The town of Sihanoukville stretches out in a wheel pattern from its centre: a statue of two gold lions. It’s bigger than I thought it would be and it’s filled with Canadian ex-pats. There’s BBQ stands lining the roads showcasing their freshly-caught squid, fish, and barracuda in cooled glass containers. The countless beaches that surround the town are filled with 20-something travelers on the hunt for $1 shots of absinthe. The beach we intended to go to, Otres Beach, is much further than we imagined it would be. On the map, it looks like a hop, skip, and a jump down the road from our guesthouse but, according to Google Maps, it was 8 kilometres away and almost impossible to get to by foot. We hailed motorcycle taxis and scoured the bars lining the beach until we found the one named Blame Canada. This place made me imagine what Canada might be like if it had a tropical coastline: flags stretched over the ceiling, hockey memorabilia and paraphernalia decorating the walls, wicker cocoon chairs and couches with purple cushions, cheap beer, and plenty of “eh”s and “sorry”s to go around. Then you look out and see the beach 20 feet away.
It always takes going away to realize how much of a Canadian patriot I am.
Casual conversation with the bartenders was made, cold beer was poured, and pictures were taken, and then we noticed the sign on the wall advertising “Space Oreos.”
I lived in Amsterdam. I’m no stranger to the effects of ingesting marijuana. So, I ate the cookie slowly, hunkered down with my book in one of the cocoon chairs and waited.
The clouds had been moving across the sky all afternoon, so by the time I was ready to go swimming we had already been dumped on twice by warm, fat raindrops. The ocean water felt thick, hard to move through and it took forever to get even hip deep in the water. I swam out until my head would be covered by incoming waves and stood to take in my surroundings.
Out there, the scenery was idyllic. Islands off in the distance covered with jungle–untouched territory–a few fishing and tourist boats heading to these untouched islands. A man doing lengths of the beach. Beside me, a school of fish jumped out of the breaks in the tide and made me laugh. I lay on my back and let the movement of the water cause my own and felt the waves crest over my hips and settle in pools between my bones. The water was warm and less salty than in Bali. It was murky, though; I looked down and couldn’t see my toes kicking through the turbulent sand and this bothered me for some reason.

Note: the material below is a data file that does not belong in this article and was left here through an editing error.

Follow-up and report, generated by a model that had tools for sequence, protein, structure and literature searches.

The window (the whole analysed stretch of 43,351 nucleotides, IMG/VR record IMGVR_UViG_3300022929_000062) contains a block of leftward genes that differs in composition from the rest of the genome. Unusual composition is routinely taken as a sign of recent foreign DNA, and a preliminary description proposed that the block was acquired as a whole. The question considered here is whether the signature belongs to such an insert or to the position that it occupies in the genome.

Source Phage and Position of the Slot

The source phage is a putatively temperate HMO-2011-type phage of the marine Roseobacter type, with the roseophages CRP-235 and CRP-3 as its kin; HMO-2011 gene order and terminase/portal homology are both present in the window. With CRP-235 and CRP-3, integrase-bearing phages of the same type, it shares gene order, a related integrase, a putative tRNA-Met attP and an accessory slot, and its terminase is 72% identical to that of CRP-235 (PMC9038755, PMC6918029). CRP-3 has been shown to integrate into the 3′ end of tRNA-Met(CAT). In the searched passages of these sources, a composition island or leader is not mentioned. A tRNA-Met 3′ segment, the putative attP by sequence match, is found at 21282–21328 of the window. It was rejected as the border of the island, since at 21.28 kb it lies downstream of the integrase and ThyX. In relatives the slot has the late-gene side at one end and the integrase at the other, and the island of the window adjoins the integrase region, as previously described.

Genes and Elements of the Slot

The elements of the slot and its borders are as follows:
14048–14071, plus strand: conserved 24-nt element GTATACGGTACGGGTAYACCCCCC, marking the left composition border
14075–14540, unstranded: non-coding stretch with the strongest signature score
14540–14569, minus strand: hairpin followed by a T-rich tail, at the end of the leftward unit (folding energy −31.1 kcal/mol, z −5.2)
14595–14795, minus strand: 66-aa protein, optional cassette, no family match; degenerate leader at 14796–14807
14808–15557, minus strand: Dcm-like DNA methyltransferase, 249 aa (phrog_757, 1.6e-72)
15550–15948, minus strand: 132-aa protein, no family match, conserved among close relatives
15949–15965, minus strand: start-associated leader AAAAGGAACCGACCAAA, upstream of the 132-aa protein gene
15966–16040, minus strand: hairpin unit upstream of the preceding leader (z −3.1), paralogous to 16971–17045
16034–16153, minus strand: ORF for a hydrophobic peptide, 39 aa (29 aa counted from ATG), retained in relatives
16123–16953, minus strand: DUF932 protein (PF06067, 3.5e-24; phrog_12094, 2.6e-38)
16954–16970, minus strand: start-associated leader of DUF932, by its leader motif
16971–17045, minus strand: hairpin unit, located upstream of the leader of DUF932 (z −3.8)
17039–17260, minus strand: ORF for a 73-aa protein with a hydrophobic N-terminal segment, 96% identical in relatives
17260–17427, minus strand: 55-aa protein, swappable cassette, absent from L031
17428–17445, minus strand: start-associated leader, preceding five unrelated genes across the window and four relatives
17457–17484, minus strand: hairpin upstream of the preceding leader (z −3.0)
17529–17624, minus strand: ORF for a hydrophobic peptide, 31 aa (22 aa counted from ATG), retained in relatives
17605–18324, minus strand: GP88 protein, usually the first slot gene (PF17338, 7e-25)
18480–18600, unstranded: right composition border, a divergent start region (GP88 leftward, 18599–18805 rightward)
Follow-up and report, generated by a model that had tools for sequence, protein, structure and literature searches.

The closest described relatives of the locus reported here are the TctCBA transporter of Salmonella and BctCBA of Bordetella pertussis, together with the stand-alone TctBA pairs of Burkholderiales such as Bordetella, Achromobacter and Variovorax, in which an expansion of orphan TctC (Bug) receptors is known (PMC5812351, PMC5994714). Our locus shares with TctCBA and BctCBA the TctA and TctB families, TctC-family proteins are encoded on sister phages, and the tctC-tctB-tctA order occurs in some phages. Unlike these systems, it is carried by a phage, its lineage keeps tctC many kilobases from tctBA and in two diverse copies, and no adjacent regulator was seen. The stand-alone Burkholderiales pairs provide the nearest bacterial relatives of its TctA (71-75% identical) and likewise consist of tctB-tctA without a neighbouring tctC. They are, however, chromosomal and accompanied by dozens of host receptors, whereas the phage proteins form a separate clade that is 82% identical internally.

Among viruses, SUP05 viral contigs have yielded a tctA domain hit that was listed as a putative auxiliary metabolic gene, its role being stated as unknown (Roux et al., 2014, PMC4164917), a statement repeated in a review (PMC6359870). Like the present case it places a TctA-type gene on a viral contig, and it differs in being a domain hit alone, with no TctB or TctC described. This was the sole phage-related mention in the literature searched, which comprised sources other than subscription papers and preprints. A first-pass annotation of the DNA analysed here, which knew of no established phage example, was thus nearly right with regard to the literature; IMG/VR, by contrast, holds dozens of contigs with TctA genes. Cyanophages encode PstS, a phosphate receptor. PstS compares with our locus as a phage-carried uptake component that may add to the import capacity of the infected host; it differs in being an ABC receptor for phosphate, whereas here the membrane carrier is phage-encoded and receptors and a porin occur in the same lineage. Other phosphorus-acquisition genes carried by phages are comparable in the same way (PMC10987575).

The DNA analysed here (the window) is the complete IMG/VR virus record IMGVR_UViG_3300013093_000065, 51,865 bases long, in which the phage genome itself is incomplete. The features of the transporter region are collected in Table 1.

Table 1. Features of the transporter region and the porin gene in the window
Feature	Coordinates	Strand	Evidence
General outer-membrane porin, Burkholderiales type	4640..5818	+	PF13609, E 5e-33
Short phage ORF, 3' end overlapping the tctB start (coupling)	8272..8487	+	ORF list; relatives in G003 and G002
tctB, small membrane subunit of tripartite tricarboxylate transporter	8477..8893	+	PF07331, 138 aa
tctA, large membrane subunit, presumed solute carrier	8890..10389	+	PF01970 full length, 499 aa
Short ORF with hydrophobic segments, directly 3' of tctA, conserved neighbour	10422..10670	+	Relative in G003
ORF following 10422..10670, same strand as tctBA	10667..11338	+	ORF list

Eventually, I dug myself out of the ocean and back to our couch where we had moved during the last downpour. It was around the time that the backpackers playing pool behind me started talking about the drug culture in Cambodia that the water started to look really glittery, my eyes got heavy, and the volume turned up on the conversations in my head.
5 minutes later, I was crippled.
I sat there on the cushion with my book open on my legs, sunglasses on, staring in the water, while the voice in my head shouted “Pull it together!” like I was faking it. My sense of hearing was heightened like never before and it hurt.
The Black Keys played over the sound system for a while, reminding me how much I like them, but the switch to Alt-J later was a nice break for my brain. I stayed in this position for two-and-a-half hours. I moved only twice: once when the dog lying between my legs got up suddenly and it scared me, and once when I sat bolt upright because I swore I saw people successfully spearfishing in the waves. (I realize now that they were the garbage collectors on the beach.)
I so badly wanted the high to go away. I thought if I opened my eyes really wide it would help, or if I drank more water, or went to the bathroom. But none of those things ever work after getting high. So I just stayed in that position until the sun went down. The worst part of it all was that the Oreos didn’t affect Colleen at all. So, I was on my own enduring the struggle of THC crossing the blood-brain barrier. It took me at least 5 minutes to get the key in the knob when I got home and, when I looked in the mirror, I laughed out loud at my comically huge pupils.
So, yeah. Blame Canada.
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